The rise of cybercrime is now a major concern for organisations of all sizes across the world, with the cybercrime industry rising in value to $1 trillion in 2020. This will only continue to rise, as the number of devices connected increases. Creating secure passwords is one easy way for everyone to help safeguard against cyber attacks. Here, our Support Technician Luke shares his advice on creating strong passwords which are both harder to crack (by a large margin) and easier to remember.
First off, if one or more of your passwords is simply “Password”; or a variation of it, or has 1234 in it, then change it immediately!
An important phrase to think about when creating a password is ‘password entropy’. This is just a fancy term for “How much information is in a password”. The less information that’s stored in a password, the higher the chance of cracking attempts being successful, since there is less of a search base to go through.
When working out if a password you have is susceptible to modern cracking attempts, you need to focus on two things:
- Can your password be brute forced? If it is less than or equal to 8 characters long then that’s a YES. If it is more than 9 characters and contains symbols, then you’re in a better position. One thing to note is that as computing power gets faster, these limits will increase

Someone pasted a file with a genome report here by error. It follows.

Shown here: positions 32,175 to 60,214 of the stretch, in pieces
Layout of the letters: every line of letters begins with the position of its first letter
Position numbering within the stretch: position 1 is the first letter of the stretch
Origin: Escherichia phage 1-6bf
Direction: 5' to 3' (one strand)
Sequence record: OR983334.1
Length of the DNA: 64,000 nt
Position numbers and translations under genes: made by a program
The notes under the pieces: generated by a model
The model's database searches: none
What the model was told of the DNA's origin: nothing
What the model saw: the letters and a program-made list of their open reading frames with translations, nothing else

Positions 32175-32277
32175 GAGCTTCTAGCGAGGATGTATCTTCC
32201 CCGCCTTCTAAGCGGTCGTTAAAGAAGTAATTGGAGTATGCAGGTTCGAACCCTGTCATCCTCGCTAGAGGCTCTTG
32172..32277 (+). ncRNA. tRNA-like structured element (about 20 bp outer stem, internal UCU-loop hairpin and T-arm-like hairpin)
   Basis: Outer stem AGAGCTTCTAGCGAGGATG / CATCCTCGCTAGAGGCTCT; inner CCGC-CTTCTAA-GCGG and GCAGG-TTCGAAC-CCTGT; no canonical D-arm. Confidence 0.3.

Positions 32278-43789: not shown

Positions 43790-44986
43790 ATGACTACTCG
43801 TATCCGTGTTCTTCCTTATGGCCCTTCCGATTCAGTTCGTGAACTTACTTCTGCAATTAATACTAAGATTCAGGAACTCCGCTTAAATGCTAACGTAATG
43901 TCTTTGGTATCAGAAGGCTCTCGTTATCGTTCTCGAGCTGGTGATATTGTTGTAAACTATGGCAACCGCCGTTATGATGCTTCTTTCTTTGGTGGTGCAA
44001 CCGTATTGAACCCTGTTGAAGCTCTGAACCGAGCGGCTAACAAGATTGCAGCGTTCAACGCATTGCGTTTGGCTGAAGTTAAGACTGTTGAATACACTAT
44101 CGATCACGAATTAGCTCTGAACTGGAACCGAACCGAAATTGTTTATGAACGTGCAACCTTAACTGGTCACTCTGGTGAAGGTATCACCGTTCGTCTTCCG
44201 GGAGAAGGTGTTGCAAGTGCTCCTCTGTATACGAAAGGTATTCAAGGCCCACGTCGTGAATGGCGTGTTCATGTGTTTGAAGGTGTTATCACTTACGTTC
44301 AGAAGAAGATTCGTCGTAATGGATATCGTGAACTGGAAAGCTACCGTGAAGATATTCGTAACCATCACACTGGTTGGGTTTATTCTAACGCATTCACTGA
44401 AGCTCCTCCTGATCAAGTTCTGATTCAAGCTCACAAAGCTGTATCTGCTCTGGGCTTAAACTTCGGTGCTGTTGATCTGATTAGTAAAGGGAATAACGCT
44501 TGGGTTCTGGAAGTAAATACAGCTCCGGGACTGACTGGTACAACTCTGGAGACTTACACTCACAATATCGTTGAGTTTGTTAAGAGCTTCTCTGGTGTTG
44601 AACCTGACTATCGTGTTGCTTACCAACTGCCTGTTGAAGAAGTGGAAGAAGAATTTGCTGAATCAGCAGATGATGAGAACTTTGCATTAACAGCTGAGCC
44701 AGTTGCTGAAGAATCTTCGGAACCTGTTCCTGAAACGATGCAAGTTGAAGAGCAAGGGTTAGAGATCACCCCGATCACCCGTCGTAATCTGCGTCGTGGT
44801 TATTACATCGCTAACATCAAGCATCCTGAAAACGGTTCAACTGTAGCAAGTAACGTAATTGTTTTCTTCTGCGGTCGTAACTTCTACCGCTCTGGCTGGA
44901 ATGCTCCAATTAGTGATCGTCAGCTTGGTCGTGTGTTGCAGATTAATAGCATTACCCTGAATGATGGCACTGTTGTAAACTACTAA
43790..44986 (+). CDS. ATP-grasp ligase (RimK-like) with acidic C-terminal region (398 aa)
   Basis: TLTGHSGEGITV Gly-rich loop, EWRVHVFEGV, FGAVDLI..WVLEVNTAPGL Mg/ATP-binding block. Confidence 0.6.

- Is your password dictionary-attack proof? Using common words with some letter substitutions such as replacing a o with a 0 or replacing an e with a 3 will be susceptible to dictionary attacks, as these are common substitutions
How to create a strong password
- No password should contain fewer than 8 characters. Depending on complexity of an 8 character password, these could be cracked within a few hours!
- Choose three random words: for example “ballotdistributemidnight”. Even with this being all lowercase, it is highly resistant to brute force attacks due to its length
- Make sure at least one of these words is NOT in a list of the top 10,000 words most used, a list which threat actors make use of. Use a word that isn’t said very often, and don’t pick a word relevant to your life
- As a final measure, place a symbol somewhere in the password, to confuse password cracking software